At the time I didn’t really know what I was doing and what effect it would have on me. I don’t necessarily have regret, but the cancer took the wind out of my sails musically. Especially with my music, I figured maybe this isn’t what God wants me to do, or maybe just not right now. I still struggle with it because I had worked so hard to get to that point. I don’t let it bother me too much. Maybe it wasn’t the right time, maybe it wasn’t what God had for me to do, moving from basketball to music.

I felt like maybe God was using me to make young, healthy people aware that you don’t have to be some 50 year-old, fat, old woman or man to get diagnosed. At the time I certainly never thought that a 38 year-old could get it. I thought of it as an old person’s disease and I never discussed it with anybody or really even thought about it.
Now, people who know me say, “Wow, if he had colon cancer then I’m going to get checked.” I played in the NBA, I was only 38, I had 3-4% body fat, I was doing modeling and singing, I was working out and I was playing basketball. I’m the picture of health; I’m active and in great shape, and other than being tired sometimes I was feeling pretty good. But even with all of those things in my life, I got colon cancer and I feel like I got it to make young people aware.

Now I’m healthy, but I don’t know if I have the energy to pick that back up right now or not. I don’t know why, if it’s the cancer, my age, or I just lost the desire. If something came along, maybe I would. I think if I’m going to pick my music back up – either something will come along, or maybe I will decide to pursue it. The coaching thing might work out or maybe I’ll be doing something else. I enjoy working with younger players who need my help and need to be taught certain things, whether it’s life or basketball. Maybe that’s why I got cancer, maybe I’m supposed to be working with kids. I’m still at the point where I don’t know what God wants for me to do after this. Right now I’m trying to get a job scouting for an NBA team and I still have opportunities to coach and to do my music, but I don’t know what I’m going to do with all of that that.
When you work so hard to get somewhere and it’s taken away from you by something you can’t help, you know it’s meant to be and you have to move on. I’ve never been a person who looks back on my life and says, “Well, why didn’t I do that?” I give 110% to whatever I’m doing. I don’t feel like I quit on music; something happened I couldn’t control. So, I’ll either pick that back up and give 110%, or I’ll give that energy to something else. The past doesn’t upset me because I look and say maybe that’s not what I’m supposed to do.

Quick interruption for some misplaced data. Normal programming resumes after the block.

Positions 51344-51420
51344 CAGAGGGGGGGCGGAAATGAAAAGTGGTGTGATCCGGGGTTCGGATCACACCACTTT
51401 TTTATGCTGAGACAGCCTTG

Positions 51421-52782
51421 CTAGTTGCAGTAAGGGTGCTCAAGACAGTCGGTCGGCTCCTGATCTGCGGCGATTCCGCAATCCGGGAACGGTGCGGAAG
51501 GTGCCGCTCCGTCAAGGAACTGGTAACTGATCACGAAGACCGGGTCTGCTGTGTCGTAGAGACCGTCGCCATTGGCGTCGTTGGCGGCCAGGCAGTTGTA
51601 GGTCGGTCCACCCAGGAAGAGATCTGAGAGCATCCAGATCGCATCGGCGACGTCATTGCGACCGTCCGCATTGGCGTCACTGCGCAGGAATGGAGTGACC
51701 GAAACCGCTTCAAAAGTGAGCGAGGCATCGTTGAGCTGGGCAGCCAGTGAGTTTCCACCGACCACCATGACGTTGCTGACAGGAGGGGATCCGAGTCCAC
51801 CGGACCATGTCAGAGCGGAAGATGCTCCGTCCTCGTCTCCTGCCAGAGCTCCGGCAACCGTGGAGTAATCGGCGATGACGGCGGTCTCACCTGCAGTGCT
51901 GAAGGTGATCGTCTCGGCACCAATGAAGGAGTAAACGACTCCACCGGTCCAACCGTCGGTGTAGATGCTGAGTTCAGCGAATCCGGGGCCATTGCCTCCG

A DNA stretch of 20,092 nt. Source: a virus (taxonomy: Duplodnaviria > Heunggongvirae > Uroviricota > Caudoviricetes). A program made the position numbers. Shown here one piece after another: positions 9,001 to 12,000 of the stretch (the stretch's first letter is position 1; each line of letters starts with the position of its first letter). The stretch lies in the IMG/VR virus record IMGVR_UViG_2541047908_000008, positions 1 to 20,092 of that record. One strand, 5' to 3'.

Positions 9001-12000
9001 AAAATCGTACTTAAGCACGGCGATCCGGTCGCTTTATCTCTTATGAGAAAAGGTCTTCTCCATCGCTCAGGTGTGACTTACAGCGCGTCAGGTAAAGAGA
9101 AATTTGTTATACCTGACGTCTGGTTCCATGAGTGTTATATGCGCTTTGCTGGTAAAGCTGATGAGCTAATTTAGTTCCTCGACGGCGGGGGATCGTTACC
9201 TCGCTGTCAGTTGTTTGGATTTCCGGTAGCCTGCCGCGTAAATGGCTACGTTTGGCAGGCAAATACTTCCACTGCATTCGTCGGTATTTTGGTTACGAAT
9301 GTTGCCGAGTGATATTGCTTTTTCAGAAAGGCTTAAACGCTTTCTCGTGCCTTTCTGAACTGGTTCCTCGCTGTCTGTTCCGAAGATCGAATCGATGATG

There are some things that bothered me later on about cancer. I feel like it has aged me, physically and mentally, and that’s good and bad. I have a big scar that I don’t like. One of the things that bothered me, when I would first tell people who didn’t know, or if I met a girl and told her, it was like I had the plague or something. I think because of people’s lack of knowledge, and mine, about what colon cancer is and what’s involved, it’s almost like it was an embarrassment to even talk about it. “Oh you’ve got colon cancer? Bye.” It’s like you have some huge problem, which obviously it is, but once I was past it I figured I’m past it and I’m moving on with life. I’ve just got a scar on my stomach. So the lack of knowledge is an odd thing; it was odd for me for a little while but I got over it. That was weird, how people I didn’t know reacted.

The people I know were great – everyone in my life was shocked, but they all were there for me. When I woke up from surgery, the Alabama coach was there, Mark Miller was there. I have two older sisters and my mom – all of my family was there. I woke up to guys who are wonderful friends and family, everybody was there for me. My dad wasn’t around to go through this which was probably good because it probably would have killed him. My mom left Alabama and moved to be with me through chemo. My sisters were in and out, and my friends and family have always been behind me. I’ve been fortunate to have had them behind me in anything that I’ve done and this was no different.

Everyone around me was scared, but I believe that everything happens for a reason. I think getting colon cancer didn’t even faze me. I’ve had to jump through hoops my whole life; I was never supposed to be able to do things I’ve done. Starting from way back, I just used that to prove people wrong. I would say, “Don’t tell me not to do something because then I will turn around and do it.” I look at this the same way, it’s another thing I’ve got to whip in life, and that’s how I’ve always lived my life.